Powerless to do anything about it, I had watched Andy die from a hill overlooking the village. Irvine Patch - self-appointed "The Admiral" - had commanded that raiding party. Patch, like me, was an American. Not that I have the first clue what that observation means to the price of tuna. Patch hailed from Toledo, Ohio, and several lifetimes ago we had served together under the same flag, in Grenada and other places. Andy came from Tulsa, Oklahoma, and I'm from Minton, Nebraska. So what!
Jimmy was from Portsmouth, England. And Thomas Kamerhi, the guy in imminent danger of being shot anywhere but his heart, came from God alone knew where. And a hundred years from now we're all going to be history, meaningless.
If we weren't meaningless already.
I'm not going to say that Andy wouldn't have hurt a fly; his rifle had six notches on it. But I am going to say that he did not deserve to die like that. No-one did, does, or ever will do. But such is the coin of mercenary warfare. Which sentiment put me in the wrong business entirely. It's been said that if you can't take a joke, you shouldn't join. Well, I joined. Once thing was certain however; if I'd known how to do anything else, I would have been doing it. But I didn't. The world had taught me how to fight, it had not bothered to teach me how not to fight! Not that I had ever asked it to.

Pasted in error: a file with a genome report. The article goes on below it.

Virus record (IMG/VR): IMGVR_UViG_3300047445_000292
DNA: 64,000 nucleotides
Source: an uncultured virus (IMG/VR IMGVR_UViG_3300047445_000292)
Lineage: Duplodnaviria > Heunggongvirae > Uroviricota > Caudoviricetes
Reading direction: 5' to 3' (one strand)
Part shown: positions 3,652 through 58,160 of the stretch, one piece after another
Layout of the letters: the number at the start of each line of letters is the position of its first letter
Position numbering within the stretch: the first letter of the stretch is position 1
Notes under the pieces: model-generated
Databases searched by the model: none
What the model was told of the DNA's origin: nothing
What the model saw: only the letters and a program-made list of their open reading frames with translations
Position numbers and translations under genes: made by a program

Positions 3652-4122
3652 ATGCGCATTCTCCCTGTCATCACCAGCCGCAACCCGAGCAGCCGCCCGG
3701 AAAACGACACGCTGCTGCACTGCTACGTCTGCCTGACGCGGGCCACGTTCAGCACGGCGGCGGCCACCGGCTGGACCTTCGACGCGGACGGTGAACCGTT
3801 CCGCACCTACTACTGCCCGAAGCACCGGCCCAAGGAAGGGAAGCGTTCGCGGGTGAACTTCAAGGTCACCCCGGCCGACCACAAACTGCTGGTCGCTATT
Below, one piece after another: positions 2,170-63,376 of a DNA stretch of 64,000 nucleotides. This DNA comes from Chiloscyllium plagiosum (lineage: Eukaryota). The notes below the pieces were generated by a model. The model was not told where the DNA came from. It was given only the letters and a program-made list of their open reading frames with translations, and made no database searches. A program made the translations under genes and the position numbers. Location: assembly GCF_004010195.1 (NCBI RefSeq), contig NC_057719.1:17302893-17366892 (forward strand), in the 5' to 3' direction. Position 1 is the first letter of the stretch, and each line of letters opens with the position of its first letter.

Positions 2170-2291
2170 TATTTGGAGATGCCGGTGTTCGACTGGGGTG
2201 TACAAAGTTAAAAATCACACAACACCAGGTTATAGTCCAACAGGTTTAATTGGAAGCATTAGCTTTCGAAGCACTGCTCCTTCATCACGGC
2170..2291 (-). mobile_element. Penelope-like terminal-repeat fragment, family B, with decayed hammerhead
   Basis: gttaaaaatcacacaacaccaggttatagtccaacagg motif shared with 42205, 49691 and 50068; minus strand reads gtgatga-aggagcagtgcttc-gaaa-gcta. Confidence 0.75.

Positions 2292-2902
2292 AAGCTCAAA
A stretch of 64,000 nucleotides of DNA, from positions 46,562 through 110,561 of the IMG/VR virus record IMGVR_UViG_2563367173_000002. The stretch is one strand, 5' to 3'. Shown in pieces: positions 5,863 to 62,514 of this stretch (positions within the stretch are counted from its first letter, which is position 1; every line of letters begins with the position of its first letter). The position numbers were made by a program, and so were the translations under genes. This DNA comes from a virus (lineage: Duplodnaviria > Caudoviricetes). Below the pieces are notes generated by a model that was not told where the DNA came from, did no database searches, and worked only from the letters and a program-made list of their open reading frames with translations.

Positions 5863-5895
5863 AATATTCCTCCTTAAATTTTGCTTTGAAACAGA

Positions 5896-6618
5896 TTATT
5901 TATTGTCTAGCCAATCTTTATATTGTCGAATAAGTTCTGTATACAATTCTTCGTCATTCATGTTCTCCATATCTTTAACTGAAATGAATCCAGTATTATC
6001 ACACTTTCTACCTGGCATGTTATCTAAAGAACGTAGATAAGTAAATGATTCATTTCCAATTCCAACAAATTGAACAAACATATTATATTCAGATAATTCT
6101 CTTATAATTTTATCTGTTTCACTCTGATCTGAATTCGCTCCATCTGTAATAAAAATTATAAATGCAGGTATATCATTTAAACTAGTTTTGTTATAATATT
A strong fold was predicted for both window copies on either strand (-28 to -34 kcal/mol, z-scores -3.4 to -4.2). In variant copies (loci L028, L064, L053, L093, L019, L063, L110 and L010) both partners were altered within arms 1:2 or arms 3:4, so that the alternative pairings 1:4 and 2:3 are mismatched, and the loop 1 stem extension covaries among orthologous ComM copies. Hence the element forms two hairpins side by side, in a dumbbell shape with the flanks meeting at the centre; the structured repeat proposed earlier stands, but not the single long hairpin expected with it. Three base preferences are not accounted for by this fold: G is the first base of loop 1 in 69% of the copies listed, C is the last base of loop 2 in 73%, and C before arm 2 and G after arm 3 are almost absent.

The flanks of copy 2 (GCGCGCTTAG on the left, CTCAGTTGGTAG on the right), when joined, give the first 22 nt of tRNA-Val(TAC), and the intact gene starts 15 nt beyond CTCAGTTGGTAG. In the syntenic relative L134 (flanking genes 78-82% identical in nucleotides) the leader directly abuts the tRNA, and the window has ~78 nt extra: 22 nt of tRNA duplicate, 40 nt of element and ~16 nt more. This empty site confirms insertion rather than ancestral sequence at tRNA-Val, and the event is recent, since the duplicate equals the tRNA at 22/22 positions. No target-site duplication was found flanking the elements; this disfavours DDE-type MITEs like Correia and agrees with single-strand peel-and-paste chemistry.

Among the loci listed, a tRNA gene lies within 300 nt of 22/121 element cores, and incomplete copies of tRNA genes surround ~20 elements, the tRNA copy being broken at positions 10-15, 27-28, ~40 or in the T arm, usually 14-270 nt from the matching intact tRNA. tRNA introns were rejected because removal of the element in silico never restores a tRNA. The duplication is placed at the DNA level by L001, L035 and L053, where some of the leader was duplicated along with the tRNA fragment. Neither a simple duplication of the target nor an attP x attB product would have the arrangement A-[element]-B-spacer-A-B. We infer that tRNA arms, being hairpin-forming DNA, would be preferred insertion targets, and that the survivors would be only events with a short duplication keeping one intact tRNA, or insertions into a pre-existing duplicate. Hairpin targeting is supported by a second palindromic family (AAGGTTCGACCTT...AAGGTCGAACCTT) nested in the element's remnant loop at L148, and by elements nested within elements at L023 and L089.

Jimmy hissed, "He's going left now. Shall I take him?"
I looked down at my grubby hands. My fingernails were topped with black half-moons of grime. Somehow they, and my legs and my body, seemed detached from my brain. It was as if I was sitting behind the observation window in some huge robot, an automaton. Push a button and a finger moves. It was a very strange feeling.
I lifted my own weapon from the ground and pushed myself up. The sweat ran in rivers down my face. I smelt, and badly. And if I didn't take a crap soon it would be too late anyway. I wouldn't have given a damn.
Kamerhi had started to move downstream, just short of the upside-down steam roller. He shimmered in the heat haze. Everything shimmered in the heat haze! It rose in tangible waves from the suffering earth like steam from a boiling pot. I thumbed off the safety and laid my gun carefully on the rock, which, I noticed for the first time, had a seam of purple ore running diagonally through it. I wondered what it might be.